Soludo: Nigeria’s Economic Recession was Avoidable

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Prof Charles Chukwuma Soludo

David-Chyddy Eleke in Awka

A former Central Bank of Nigeria (CBN) Governor, Prof Charles Chukwuma Soludo, has said that the current economic recession being witnessed in Nigeria is avoidable, insisting that it is caused by poor ideas by the country’s policy makers.

Soludo made the remark at the Nnamdi Azikiwe University, Awka, where he was the lead paper presenter at the 2017 International Conference of the Department of Business Administration Thursday.

Speaking on the theme: “Managing a Recessed Economy”, he noted that Nigeria slipped into recession barely a year after the current administration took over power, and the inability of the country’s policy makers to rise to the challenge plunged her into recession.

“Poor ideas transcended over superior ideas, and we went into recession, which was slightly avoidable. That is why academics must be alive to their responsibility of nudging us to reality; the reason I commend you for this international conference,” Soludo said.

The former CBN governor however stated that the foundation for the recession was laid by the previous administration, which he said borrowed to fund recurrent expenditure at a time when oil prices were as high as over $100 to a barrel.

He said part of the problem was because Nigeria failed to save funds at a time when there was unprecedented boom in oil prices, but rather engaged in unprecedented borrowing.

“If you borrow at a time of boom, what will you do in time of lack? Even my grandmother in the village knows this. At the same time when we had boom, we had unprecedented unemployment.

“The problem with Nigeria’s successive policy makers is that once oil goes up, we take it that it will remain so, and we continue to spend. But once there is a shock and oil goes down, we just think it is temporary and we start borrowing.
“Nigeria can be fixed, and what it needs to fix Nigeria is not rocket science, but we do not have the will to fix her,” Soludo said.

He said that part of the problem Nigeria was having in the quest to get out of recession was poor policy. Huge spending by government, he further noted, was one of the ways of solving the economic problem, but two wrong steps by government ruined that.

“They brought in the Single Treasury Account (TSA) and channelled funds into one account that did not allow spending, and they also fixed the price of foreign exchange. These are things you do not do.”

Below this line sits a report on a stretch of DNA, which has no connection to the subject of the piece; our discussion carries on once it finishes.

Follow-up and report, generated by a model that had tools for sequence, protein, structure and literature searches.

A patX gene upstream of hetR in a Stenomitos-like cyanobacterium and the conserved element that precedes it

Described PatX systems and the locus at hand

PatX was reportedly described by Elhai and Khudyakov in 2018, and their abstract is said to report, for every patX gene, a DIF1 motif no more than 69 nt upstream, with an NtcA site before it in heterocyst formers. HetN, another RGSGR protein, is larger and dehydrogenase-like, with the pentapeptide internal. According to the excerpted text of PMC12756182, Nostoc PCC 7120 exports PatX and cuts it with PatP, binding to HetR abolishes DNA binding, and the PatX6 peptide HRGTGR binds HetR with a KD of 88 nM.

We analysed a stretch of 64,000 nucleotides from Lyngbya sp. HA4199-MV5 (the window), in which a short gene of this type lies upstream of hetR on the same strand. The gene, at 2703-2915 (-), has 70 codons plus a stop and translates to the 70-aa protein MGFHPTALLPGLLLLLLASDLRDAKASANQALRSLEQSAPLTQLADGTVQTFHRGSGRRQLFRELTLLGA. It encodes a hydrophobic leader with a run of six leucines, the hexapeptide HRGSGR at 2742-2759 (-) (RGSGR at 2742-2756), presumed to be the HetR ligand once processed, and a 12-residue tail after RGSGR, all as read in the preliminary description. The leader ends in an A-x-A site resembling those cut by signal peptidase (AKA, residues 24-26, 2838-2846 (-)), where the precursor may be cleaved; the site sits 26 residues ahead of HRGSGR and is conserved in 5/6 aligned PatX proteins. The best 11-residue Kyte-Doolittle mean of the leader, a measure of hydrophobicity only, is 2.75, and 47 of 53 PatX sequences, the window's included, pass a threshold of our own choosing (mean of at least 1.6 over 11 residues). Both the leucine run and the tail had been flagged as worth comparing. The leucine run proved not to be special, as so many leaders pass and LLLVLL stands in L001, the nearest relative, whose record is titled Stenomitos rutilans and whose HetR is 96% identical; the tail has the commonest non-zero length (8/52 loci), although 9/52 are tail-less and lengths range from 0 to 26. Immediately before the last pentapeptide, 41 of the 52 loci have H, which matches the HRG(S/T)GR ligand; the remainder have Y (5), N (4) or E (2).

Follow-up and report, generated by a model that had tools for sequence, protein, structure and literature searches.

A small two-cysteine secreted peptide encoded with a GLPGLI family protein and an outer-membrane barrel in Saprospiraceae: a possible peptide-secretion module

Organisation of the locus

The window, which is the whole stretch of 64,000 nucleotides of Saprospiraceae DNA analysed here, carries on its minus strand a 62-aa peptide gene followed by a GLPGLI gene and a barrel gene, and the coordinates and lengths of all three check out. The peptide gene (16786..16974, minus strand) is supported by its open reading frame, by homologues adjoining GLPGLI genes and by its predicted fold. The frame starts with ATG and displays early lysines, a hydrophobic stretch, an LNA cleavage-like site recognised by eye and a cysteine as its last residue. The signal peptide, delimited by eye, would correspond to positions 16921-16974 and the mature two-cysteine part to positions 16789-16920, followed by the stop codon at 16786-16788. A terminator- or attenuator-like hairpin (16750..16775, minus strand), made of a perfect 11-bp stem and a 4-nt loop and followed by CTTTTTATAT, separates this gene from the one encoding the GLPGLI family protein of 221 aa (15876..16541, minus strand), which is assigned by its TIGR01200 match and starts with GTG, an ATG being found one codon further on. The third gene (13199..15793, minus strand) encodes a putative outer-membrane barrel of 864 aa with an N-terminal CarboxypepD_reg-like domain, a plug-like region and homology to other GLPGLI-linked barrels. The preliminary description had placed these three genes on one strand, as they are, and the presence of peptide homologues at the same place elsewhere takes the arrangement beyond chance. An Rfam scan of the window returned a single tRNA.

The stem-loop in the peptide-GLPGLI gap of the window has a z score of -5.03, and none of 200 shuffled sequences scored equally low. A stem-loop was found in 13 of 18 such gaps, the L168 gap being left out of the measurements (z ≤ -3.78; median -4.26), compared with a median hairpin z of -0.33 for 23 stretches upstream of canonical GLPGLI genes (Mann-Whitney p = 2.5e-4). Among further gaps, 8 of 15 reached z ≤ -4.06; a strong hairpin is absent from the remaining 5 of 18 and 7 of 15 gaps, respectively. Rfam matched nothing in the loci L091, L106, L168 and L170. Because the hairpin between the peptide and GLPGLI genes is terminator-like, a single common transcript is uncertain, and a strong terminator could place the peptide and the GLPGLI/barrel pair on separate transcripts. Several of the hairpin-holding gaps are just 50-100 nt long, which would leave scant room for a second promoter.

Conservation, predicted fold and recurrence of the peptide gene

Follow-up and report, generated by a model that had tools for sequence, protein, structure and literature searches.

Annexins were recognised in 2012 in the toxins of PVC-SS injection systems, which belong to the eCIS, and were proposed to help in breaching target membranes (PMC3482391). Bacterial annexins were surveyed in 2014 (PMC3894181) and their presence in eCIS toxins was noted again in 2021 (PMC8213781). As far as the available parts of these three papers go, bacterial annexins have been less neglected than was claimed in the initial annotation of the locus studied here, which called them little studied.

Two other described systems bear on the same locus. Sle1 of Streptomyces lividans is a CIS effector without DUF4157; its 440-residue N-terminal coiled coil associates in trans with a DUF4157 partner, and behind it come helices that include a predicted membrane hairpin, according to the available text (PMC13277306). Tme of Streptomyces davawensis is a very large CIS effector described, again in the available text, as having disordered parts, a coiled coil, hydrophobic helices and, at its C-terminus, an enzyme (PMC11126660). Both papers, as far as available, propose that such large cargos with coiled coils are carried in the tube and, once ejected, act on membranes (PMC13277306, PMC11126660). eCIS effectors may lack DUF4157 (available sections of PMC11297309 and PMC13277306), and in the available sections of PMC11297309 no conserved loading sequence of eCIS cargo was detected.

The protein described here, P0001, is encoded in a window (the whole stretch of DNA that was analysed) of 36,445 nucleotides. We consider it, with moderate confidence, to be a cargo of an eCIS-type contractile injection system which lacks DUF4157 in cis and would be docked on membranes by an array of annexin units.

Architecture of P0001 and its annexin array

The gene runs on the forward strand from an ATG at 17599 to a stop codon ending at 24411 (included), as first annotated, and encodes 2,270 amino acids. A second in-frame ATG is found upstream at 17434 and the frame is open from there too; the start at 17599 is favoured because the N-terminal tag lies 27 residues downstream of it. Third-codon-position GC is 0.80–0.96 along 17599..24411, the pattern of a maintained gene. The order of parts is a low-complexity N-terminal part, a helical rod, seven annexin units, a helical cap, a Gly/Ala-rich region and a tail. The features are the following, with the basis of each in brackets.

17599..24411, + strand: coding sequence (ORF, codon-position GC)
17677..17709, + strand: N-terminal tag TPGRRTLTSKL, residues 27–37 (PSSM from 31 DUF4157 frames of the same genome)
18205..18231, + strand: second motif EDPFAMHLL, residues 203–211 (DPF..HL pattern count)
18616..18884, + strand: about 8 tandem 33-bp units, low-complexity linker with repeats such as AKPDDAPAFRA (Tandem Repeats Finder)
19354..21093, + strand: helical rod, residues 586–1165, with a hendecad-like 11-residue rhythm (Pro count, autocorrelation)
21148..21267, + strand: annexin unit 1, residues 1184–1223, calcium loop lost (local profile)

He insisted that it was easy for Nigeria to get out of recession, but that anymore attempt to enter into recession in the future would be more devastating than what is witnessed today.

In proffering solution, Soludo said that the way to put Nigeria on the right track is to think beyond oil, saying that it had done Nigeria more harm than good.
“Another way of tackling the challenges of the country is to unbundle Abuja, trim down the exclusive list. We do not have to be running to Abuja for everything. That was why I was surprised when some people canvassed that local governments should be going to Abuja to take their allocations directly,” he said.

Chairman, Senate Committee on Tertiary Education and TETFUND, Senator Barau Jibrin, who was represented by Alex Unachukwu, was also a speaker at the conference. He thanked the institution for coming up with such a conference at a time Nigeria needs the knowledge of academics to tackle her challenges.

  • share Idea

    Easy to blame others when you have not tested political power under democracy. Past government removed fuel subsidy which was the greatest drain on government revenue, the gullible masses rejected.

    Does the people expect to consume fuel without paying. The analogy of blaming last administration for not saving during oil boom is like blaming Taxi driver who charges his passengers high transport because of high cost of petrol and when he returns, his family will be complaining that he is not saving much as result of increase in his fare without those people putting into consideration the higher amount he pays for petrol.

  • The Trib3sman

    This man seems to be in a hurry to talk too much. Nigeria is an unproductive country. How many states are truly profitable states? Some states contribute nothing to the entity called Nigeria. Nothing at all.